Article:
1Department of Pharmacology, Medical Faculty of University of Nusa Cendana, Kupang, Indonesia, 2Department of Clinical Pathology, Medical Faculty of University of Nusa Cendana, Kupang, Indonesia, 3Department of Obstetrics and Gynaecology, Medical Faculty of University of Nusa Cendana, Kupang, Indonesia, 4Department of Biochemistry, Medical Faculty of University of Nusa Cendana, Kupang, Indonesia, 5Department of Microbiology, Medical Faculty of University of Nusa Cendana, Kupang, Indonesia
Malaria is a parasitic infection disease that is still a world health problem, especially in tropical countries including Indonesia. In malaria endemic areas, the largest proportion of malaria is asymptomatic malaria. Most people with asymptomatic malaria are not diagnosed and do not receive therapy. Asymptomatic malaria sufferers carry gametocytes which play an important role in the transmission of malaria, this situation will result in carrier sufferers or malaria sufferers without clinical symptoms (asymptomatic) at any time can transmit parasites to other people, thus new cases and even extraordinary events (outbreaks) of malaria can occur at unexpected times. This research is an interventional descriptive study with the aim of detecting the presence of asymptomatic malaria in the people of Nun Kurus Village, Kupang Regency, East Nusa Tenggara through the mass blood survey (MBS) work program from Naibonat Public Health Centre, Kupang Regency, and East Nusa Tenggara. The sample in this study was obtained using a total sampling method, namely, all subjects who participated in the MBS activity who were more than 5 years old, with the total of 68 people. Microscopic examination results were compared with submicroscopic examination results using the polymerase chain reaction (PCR) method. Before carrying out PCR, DNA extraction from dried blood spot was carried out using Qiagen Kit followed by detection of Plasmodium falciparum, Plasmodium vivax, Plasmodium malariae, and Plasmodium ovale genes in samples based on the nested PCR method from Snounou and continued with electrophoresis. The results of the study found no cases of asymptomatic malaria were detected microscopically, but 13.23% of asymptomatic malaria were detected by PCR. PCR examination results from 68 samples showed 5.88% positive for P. vivax and 7.35% positive for P. vivax and P. falciparum genes (mixed infection), no P. malariae and P. ovale genes were found.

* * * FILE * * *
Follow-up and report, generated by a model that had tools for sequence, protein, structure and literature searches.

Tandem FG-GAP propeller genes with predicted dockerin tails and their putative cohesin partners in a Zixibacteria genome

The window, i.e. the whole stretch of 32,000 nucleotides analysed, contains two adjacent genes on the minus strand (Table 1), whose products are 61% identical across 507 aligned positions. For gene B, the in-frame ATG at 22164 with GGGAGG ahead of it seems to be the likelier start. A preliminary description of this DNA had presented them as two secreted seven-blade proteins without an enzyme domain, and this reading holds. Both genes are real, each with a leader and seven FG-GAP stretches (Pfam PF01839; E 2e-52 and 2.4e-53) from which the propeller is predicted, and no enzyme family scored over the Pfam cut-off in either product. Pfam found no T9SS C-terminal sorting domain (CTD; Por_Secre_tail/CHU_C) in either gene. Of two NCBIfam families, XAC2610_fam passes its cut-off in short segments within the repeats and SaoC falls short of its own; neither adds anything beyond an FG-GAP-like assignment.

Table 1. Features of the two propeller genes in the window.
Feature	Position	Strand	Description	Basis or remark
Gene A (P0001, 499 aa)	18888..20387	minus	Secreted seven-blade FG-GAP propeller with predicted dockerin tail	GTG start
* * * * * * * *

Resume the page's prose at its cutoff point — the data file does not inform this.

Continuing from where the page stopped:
Keywords: Asymptomatic, malaria, microscopic, submicroscopic
Malaria is a parasitic infection disease that is still a world health problem, especially in tropical countries including Indonesia. Malaria is still one of the causes of death in both adults and children. According to the World Health Organization (WHO) malaria report (2019), the estimated number of malaria cases in the world has reached 228 million cases. The majority of cases occurred is in the African region (93%), followed by Southeast Asia including Indonesia (3.4%), then the East Mediterranean region (2.1%).
The incidence of malaria decreased globally between 2010 and 2018, from 71 to 51 cases per 1000 population at risk. For the Southeast Asia region, the WHO data show a reduction in incidence of 70% from 17 cases per population at risk in 2010, down to five cases in 2018. The number of deaths due to malaria globally in 2018 reached 405,000 deaths, a decrease compared to 2017 of 416,000 and 585,000 in 2010. Children under 5 years of age are the most vulnerable to malaria. In 2018, child deaths due to malaria accounted for 67% of the total deaths from malaria worldwide.
Data from the Indonesian Ministry of Health regarding the achievements of District or City Elimination of Malaria and annual parasite incidence (API) reported that <1 per Province in 2019 while there are three provinces where all districts and cities have achieved malaria elimination, namely, Jakarta, Bali and East Java. East Nusa Tenggara Province is one of the five provinces where there are no districts/cities that have achieved elimination of malaria. The five provinces are Papua, West Papua, Maluku, North Maluku, and East Nusa Tenggara. 86% of cases originated in Papua Province. Final data for the Malaria Program in 2019 from the East Nusa Tenggara Provincial Health Office show that in 2019, the number of positive cases of malaria in East Nusa Tenggara Province was 12,909 cases with API of 2.43 per 1000 population and there were no deaths due to malaria. Based on malaria endemicity data, the NTT Provincial Health Office in 2019, there are three districts classified as high endemicity, namely, West Sumba (API 34.68), East Sumba (API 6.68), and Southwest Sumba (10.37). Kupang Regency is one of the districts with low endemicity with API <1 per 1000 population, namely, 0.23 per 1000 population.